On May 12, 2010, I attended the San Francisco manifestation of Carl Malamud’s road show on legal information. Carl has criss-crossed the United States putting on programs about government information in general, and legal information in particular. The San Francisco/ Berkeley version of the program included luminaries from the world of information, law, librarians and information cowboys. If you want to see my bit, here is a link.
Questions like, “How can we organize a movement to determine exactly what types of information states already make available digitally?” sat side by side with questions like, “Can I get Twitter updates when a relevant case comes down?” The day ranged from cutting edge to old fashioned bibliographic planning. It was quite impressive.
Almost a month later, on June 8, I visited Newgrange, a passage tomb mound in County Meath, Ireland. Five thousand years ago, the Celts erected this huge edifice, with a 60-foot stone tunnel leading to a cruciform vaulted chamber. The opening above the main entrance to the passage allows the rising sun to light first the passage, and then the central chamber, at dawn on the day of the winter solstice each year. The Celts had only stone tools; and did not possess the wheel. But they moved stones weighing more than 20 tons dozens of miles to the site. They also somehow calculated the correct angle to catch the winter solstice. The Celts had no written language, though there are symbols carved throughout Newgrange. No one knows what they mean. It was quite impressive.
Falling so close together, these two events created an information mash-up in my mind. Gutenberg figured out how to use movable type on a printing press over five hundred years ago. The technology of paper, book making, indexing, abstracting and libraries followed on, and before Gutenberg we had manuscripts and scrolls. The Chinese were ahead of the West on this point, but not by that much. In increments, our information worlds changed completely.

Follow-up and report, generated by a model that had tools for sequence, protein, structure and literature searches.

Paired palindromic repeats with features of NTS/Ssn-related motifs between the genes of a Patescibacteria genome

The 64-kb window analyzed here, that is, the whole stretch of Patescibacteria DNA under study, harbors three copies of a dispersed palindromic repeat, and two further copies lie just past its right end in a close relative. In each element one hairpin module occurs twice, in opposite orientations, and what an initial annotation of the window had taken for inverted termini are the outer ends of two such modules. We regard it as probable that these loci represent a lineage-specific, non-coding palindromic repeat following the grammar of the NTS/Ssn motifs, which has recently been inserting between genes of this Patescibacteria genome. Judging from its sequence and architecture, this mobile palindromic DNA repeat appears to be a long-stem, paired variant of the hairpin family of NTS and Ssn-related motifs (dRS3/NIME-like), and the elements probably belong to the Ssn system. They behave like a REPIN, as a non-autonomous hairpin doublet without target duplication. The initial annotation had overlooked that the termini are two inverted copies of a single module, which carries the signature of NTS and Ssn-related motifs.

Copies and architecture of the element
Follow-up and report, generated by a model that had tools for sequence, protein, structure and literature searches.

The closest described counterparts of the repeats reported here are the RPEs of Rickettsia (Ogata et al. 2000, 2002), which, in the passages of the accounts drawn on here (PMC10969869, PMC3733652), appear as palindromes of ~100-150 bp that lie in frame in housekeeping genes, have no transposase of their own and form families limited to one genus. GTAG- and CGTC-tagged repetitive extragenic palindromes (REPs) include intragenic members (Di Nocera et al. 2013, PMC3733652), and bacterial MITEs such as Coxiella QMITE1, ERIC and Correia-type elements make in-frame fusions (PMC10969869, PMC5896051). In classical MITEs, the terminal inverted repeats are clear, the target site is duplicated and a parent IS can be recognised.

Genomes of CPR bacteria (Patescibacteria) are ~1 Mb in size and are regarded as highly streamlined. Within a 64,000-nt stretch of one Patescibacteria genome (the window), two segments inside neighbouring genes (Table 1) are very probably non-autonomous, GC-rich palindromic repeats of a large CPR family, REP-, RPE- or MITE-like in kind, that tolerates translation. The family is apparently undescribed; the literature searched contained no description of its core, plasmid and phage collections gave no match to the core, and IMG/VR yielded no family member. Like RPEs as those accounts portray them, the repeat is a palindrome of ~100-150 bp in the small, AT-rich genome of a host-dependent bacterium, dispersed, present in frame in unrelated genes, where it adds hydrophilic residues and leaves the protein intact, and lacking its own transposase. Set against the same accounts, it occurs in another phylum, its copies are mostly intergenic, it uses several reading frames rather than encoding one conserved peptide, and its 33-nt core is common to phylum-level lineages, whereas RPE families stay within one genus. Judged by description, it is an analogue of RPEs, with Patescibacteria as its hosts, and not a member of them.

The movement to digital information has caused us to recreate the use of writing using new tools. But will the written word be the stopping point, or is it like the carvings at Newgrange — a means of communication that will be replaced and seem quaint in the 22nd Century? Will our great monuments of information in the form of written communication amaze and puzzle future scholars? And what about social networking with its use of images, video links and ever-changing format — are they the beginnings of a new form of communication? Is our relationship with text changing? It has changed before.
Peter Tiersma has written a fine article about textualism and the law. “The Textualization of Precedent,” 82 Notre Dame Law Review 1189 (2007). He follows the movement from the oral to the written tradition in the law. Will there be another step? A precious few scholars read judicial opinions from first word to last; and apparently no one is reading law review articles any longer. Google is taking us to a world of arrayed retrieval of snippets of information. Is the narrative form best suited as a medium for conveying information? Will we retain the written word but morph its usage into the text message abbreviations into a new patois?
Perhaps the Irish countryside and the lore of the Celtic peoples have addled my already questionable brain, but maybe we are at the endgame of print, and of print as expressed in digital form. Not that it will all change in the next year, or even the next fifty years. But 5,000 years from now? I wonder if the tourists will have reason to speculate.